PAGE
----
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home : lifestyle : health   May 2, 2016

4/11/2013 12:11:00 PM
Natural planning looks at women's health issues

NewsTribune photo/Alicia LeGrandAndrea Schaefer and her husband Nick hold their two sons Jeremiah (left), 22 months, and Elijah, 9 months. The Schaefers said they planned to use NFP in their marriage from the beginning and used it to plan their sons’ births due to health and medical reasons. Andrea is now pregnant with their third child.
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NewsTribune photo/Alicia LeGrand
Andrea Schaefer and her husband Nick hold their two sons Jeremiah (left), 22 months, and Elijah, 9 months. The Schaefers said they planned to use NFP in their marriage from the beginning and used it to plan their sons’ births due to health and medical reasons. Andrea is now pregnant with their third child.
Alicia LeGrand-Riniker
NewsTribune Reporter

Though considered a religious method, health professionals and instructors of the Natural Family Planning methods encourage women to look into the health benefits of using NFP in their lives.
Amy Dyke, an instructor of the NFP Sympto-Thermal Method (STM) for the Archdiocese of Peoria with her husband Craig, said many grandparents would laugh at women saying they were using NFP because they knew it as the Rhythm Method.
The Rhythm Method was developed in the 1930s as the Catholic Church’s response for avoiding pregnancy instead of using contraceptives. The method was based on women having a 28-day cycle with ovulation occurring in the middle of that cycle.
“Very few women truly have a 28-day cycle,” said Diane Dunniway, a nurse practitioner and medical consultant of women’s health at Saint Francis FerilityCare Center in Peoria.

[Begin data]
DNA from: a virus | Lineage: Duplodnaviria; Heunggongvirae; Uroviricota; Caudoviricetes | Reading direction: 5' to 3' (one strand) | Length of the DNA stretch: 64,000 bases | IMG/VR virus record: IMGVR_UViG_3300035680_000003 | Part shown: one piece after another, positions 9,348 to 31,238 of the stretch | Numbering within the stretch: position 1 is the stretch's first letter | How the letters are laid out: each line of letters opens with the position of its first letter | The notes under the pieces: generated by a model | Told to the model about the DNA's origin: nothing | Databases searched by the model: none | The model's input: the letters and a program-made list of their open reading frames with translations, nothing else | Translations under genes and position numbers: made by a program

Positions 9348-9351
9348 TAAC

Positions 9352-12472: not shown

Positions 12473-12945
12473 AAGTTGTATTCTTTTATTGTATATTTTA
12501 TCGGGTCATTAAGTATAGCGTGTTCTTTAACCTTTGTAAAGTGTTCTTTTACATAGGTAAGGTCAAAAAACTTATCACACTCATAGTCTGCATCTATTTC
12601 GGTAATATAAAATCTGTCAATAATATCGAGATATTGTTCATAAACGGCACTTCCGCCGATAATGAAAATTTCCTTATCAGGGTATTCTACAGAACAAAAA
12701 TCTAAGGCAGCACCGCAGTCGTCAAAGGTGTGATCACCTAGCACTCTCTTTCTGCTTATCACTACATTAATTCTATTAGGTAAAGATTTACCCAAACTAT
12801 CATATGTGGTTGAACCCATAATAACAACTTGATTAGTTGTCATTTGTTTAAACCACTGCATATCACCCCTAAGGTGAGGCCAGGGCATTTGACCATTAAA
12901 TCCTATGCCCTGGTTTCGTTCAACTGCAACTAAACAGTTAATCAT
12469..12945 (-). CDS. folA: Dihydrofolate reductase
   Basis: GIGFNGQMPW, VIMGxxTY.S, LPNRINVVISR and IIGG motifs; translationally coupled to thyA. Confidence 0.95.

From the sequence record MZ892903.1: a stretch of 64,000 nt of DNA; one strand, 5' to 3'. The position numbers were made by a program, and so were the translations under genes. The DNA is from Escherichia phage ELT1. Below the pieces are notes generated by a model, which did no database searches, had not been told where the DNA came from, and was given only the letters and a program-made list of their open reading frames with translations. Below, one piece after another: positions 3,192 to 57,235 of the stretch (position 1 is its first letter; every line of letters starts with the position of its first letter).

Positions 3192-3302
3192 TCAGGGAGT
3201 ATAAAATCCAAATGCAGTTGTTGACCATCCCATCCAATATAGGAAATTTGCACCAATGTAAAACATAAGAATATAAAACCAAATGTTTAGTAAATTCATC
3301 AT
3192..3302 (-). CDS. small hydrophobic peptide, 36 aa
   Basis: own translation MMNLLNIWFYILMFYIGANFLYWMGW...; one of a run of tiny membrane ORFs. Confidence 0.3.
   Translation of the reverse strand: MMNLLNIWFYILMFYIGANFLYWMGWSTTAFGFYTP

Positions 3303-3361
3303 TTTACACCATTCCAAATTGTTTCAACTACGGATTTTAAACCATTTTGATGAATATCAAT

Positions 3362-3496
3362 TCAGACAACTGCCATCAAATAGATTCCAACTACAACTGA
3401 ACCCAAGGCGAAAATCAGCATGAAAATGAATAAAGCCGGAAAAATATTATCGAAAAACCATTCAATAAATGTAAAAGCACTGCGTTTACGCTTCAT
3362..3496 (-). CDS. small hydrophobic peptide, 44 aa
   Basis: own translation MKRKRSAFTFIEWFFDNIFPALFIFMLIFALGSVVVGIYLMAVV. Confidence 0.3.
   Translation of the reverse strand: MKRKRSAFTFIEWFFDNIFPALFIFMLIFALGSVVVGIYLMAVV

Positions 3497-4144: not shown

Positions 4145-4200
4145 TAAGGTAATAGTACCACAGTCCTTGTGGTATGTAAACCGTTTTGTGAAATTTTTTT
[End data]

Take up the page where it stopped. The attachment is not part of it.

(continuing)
Dyke said the effectiveness rate was 76 percent and NFP got a bad rap as not being technologically sound or trustworthy. When Pope Paul VI wrote an encyclical titled Humane Vitae in 1968 asking men of science to come up with a way to use more natural methods instead of contraceptives to control family planning, the NFP method began to change and grow in several ways.
Dunniway teaches the Creighton Model (CrM) to her patients. It tracks changes in color, consistency and amount of cervical mucus through the woman’s cycle to determine whether she is fertile. It focuses on reproductive and gynecologic health, and uses medical evaluations and treatments to fix abnormalities and infertility.
Dyke teaches STM which also looks at mucus and uses two other signs, temperature and the cervix, to tell when a woman is fertile. At the time of ovulation, the woman’s body temperature should rise and the cervix should go from being hard to soft. Dyke said these extra signs can reassure a woman that she ovulated.
Dunniway and Dyke said the new NFP methods are more in line with modern understandings of how a woman’s reproductive system works and can go along with irregular cycles.
“The great thing is you are dealing with the cycle as it is happening,” Dyke said.
The changes also increased its effectiveness ratings to equal other forms of contraception. A secular study done in Germany in 2007 showed that the STM method had a 99.6-percent effectiveness rate for couples looking to avoid pregnancy. The CrM method showed a 99.5-percent method effectiveness rate in a study of 18,000 couples from five sites in Omaha, St, Louis, Wichita, Houston and Milwaukee.
Both Dyke and Dunniway said they have seen women who had unexpected pregnancies while using NFP but most women were within the first few months of learning the methods. Dunniway said they ask women to restrain from genital contact in the first month of learning the program and if a couple decides to use a fertile day for sexual intercourse they “abandon” the method.
“We teach the method and the research behind it, but we never dictate how people should use it,” Dunniway said.
Dunniway said, like taking the pill or other contraceptive methods, the effectiveness will lower if the users are not diligent in daily practice of the method. She encourages her patients to examine their mucus every time they go to the restroom.
“Once it becomes habit, it’s just part of their normal hygiene and it only takes a few seconds more during the day,” said Dunniway about practicing the NFP methods daily.